Thérèse Coffey has picked Quarry House in Leeds as her department’s second HQ and spoken of her keenness for its local nickname of “The Kremlin” to be dropped.
Unlike the Ministry for Housing, Communities and Local Government and the Treasury – which are opening regional bases in locations where they do not already have a presence – the Department for Work and Pensions has designated an existing base as its seat of power outside London.
Coffey publicly announced the selection of Leeds as DWP’s second home in a comment piece in the Yorkshire Post today. The department already runs core services including digital, HR, finance, policy and operations from the building.
Coffey said that because DWP has a large workforce based outside the capital, there were a range of options for a second ministerial office that did not require the acquisition of new buildings.
“When the prime minister called on ministers to establish a second headquarters outside of the M25, I was spoilt for choice,” she said.
“Recognising we would be gaining a sense of perspective away from the Westminster bubble, in addition to our experiences as parliamentarians, ministers were keen to be at a well-established hub with all the levers of the civil service already up and running and well placed to be a springboard; Leeds was clearly the leading candidate for us.”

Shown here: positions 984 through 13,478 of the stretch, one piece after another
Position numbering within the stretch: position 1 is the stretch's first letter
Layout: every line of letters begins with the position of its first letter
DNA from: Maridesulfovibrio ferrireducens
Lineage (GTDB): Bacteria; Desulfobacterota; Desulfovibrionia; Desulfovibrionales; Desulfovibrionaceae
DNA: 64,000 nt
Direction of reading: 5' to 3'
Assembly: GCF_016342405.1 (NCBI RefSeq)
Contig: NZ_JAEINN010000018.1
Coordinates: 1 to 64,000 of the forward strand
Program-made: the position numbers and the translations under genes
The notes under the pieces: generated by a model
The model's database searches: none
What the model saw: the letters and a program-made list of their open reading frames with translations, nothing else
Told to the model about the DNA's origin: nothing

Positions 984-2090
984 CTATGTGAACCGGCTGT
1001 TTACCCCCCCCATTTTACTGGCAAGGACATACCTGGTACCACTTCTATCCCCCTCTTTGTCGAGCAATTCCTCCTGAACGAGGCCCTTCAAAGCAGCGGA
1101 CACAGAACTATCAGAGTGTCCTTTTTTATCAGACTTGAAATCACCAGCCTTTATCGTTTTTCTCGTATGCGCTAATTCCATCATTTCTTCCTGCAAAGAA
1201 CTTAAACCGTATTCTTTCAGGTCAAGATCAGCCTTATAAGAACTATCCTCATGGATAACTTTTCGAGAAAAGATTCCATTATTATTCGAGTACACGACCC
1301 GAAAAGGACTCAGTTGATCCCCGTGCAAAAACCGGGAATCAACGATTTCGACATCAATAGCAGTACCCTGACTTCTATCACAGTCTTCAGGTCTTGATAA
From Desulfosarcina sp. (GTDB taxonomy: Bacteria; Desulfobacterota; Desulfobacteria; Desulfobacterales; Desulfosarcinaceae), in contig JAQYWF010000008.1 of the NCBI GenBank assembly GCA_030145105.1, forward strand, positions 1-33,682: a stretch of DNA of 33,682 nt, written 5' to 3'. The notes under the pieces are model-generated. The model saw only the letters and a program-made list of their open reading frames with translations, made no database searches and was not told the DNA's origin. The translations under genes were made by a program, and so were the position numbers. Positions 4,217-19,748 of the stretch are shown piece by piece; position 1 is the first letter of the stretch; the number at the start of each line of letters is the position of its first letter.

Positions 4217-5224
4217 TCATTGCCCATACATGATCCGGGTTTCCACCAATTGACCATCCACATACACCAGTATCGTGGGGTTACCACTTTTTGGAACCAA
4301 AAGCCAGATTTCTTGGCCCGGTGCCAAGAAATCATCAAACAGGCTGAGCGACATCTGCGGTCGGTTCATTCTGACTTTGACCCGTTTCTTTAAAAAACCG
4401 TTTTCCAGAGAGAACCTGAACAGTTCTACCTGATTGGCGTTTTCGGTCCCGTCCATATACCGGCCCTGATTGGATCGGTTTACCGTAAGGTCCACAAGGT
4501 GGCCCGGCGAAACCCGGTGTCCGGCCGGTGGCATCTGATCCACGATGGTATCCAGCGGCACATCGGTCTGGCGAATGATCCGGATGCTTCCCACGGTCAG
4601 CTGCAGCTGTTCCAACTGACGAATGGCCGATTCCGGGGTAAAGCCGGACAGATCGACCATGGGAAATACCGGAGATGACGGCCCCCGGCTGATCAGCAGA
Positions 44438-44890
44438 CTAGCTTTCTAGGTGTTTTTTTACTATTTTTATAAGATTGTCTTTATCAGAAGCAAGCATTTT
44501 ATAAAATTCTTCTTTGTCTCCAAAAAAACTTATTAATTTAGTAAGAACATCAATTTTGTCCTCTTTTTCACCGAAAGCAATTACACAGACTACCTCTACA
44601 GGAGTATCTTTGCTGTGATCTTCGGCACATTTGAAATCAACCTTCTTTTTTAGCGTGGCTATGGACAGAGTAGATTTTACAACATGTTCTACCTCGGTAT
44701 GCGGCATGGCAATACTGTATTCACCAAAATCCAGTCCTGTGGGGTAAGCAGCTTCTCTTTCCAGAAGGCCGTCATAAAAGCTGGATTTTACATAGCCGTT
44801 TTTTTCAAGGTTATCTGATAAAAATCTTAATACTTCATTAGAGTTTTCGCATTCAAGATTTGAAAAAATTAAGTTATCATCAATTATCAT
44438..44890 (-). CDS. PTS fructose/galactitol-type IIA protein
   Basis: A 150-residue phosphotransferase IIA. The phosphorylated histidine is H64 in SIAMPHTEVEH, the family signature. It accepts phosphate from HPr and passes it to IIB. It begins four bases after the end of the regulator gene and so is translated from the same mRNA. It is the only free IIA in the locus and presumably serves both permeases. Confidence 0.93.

Coffey made no reference to any increase in headcount at Leeds that would result from Quarry House being designated as DWP’s second HQ. Ministers often refer to the government's drive to relocate 22,000 civil service roles away from the capital by the end of the decade in such announcements.
DWP was chastised by the Health and Safety Executive in September last year over its failure to implement adequate measures to prevent the spread of Covid-19 at Quarry House. At the time, ministers were aiming for around 80% of civil servants to return to the workplace for at least part of the week, but the drive was dropped by the end of the month.
Coffey praised Leeds-based staff who featured in the Channel 4 documentary The Yorkshire Jobcentre last year and said she hopes the monolithic 1990s Quarry House would lose its local nickname of “The Kremlin” .
“It is because of people like Amah, Becky and Pip that I call us the Department of Wonderful People,” Coffey said of staff who featured in the documentary.
“That is why I also want Quarry House to be thought as the People’s Palace, not the Kremlin.”
DWP had around 80,000 staff, according to the Cabinet Office’s last annual civil service workforce snapshot, which was published in September. It subsequently embarked on a hiring campaign for more work coaches to help people who have lost their jobs because of the coronavirus pandemic find new work.
Coffey said that around 90% of DWPs workforce were based outside London.